The Sundance Film Festival is just around the corner, and for fans of the Beats who didn’t get their fill with Walter Salles‘ “On The Road,” two more movies are being unveiled at Park City that will be trying to capture their spirt. A bit more high profile is “Kill Your Darlings,” with an all star cast including Daniel Radcliffe, Elizabeth Olsen, Ben Foster, David Cross, Michael C. Hall, Jennifer Jason Leigh and more. But one flying under the radar is Michael Polish‘s “Big Sur,” an adaptation of Jack Kerouac‘s famed book – and this trailer should bring it fresh attention.
Unexpectedly beautiful, subtly stylized and powered by The Flamingos timeless “I Only Have Eyes For You,” where other movies have tried pursuing the spirit and abandon of the Beats, this one seems a lot more contemplative, perhaps more intent to capture the atmosphere that inspired them. Kate Bosworth, Josh Lucas and Jean-Marc Barr lead the movie as Billie, Neal Cassady and Jack Kerouac respectively, with the semi-autographical tale centering Kerouac’s battle with fame post-“On The Road,” his struggle with drugs and his relationship with Cassady’s mistress. Anthony Edwards, Radha Mitchell, Balthazar Getty and Henry Thomas round out the cast. Here’s the synopsis:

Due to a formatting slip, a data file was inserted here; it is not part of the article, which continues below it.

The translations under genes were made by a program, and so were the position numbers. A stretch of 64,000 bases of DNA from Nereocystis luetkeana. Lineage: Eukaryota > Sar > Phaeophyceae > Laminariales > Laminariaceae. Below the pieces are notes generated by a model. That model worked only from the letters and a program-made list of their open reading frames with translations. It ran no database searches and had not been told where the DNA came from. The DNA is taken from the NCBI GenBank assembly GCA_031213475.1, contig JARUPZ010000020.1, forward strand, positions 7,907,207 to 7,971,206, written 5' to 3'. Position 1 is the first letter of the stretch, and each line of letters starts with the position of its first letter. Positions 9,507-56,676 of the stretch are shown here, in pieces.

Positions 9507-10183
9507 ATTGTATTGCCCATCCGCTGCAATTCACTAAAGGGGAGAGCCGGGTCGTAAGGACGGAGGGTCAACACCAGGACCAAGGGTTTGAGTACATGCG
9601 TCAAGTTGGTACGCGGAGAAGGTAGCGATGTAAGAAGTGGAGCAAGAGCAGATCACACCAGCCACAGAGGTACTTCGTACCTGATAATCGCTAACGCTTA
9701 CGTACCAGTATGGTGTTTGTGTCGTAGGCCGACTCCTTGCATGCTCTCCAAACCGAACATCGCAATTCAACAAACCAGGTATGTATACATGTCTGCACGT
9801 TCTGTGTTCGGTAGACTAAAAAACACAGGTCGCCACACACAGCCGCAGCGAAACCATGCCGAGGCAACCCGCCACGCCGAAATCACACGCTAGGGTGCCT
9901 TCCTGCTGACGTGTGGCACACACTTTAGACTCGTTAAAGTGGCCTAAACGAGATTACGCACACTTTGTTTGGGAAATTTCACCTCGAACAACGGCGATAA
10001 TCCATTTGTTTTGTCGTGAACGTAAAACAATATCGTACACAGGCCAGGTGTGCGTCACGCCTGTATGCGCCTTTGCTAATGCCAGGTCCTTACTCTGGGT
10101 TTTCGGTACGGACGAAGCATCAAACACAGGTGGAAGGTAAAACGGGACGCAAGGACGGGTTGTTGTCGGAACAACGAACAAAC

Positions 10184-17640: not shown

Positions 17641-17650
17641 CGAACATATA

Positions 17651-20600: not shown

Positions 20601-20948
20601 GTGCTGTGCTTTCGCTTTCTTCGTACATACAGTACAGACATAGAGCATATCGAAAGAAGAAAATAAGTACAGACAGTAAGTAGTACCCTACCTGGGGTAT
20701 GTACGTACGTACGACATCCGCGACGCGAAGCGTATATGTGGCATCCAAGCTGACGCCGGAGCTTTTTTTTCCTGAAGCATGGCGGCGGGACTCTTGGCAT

Big Sur focuses on a moment in Jack Kerouac’s life when, overwhelmed by the success of his opus On the Road and struggling with alcoholism, he retreats to his publisher Lawrence Ferlinghetti’s cabin in the small, coastal California town of Big Sur, which eventually inspires his 1962 novel of the same name. Kerouac’s time begins with quiet moments of solitude and communing with nature. But, struck by loneliness, he hightails it to San Francisco, where he resumes drinking heavily and gets pushed into a relationship with his best friend Neal Cassady’s mistress, Billie.
While writer/director Michael Polish (Twin Falls Idaho) explores a less glamorous moment in Kerouac’s legacy—one of alienation and mental breakdown—Big Sur equally examines the beauty of this time in the writer’s life, witnessed in the romance of friendship and the purity of nature. Jean-Marc Barr embodies Kerouac’s intelligence and masculinity, but also portrays him at his most contemplative and vulnerable. Luscious and breathtaking, Big Sur approaches a religious cinematic experience.
No distribution yet for “Big Sur” but in just a few weeks, that could all change.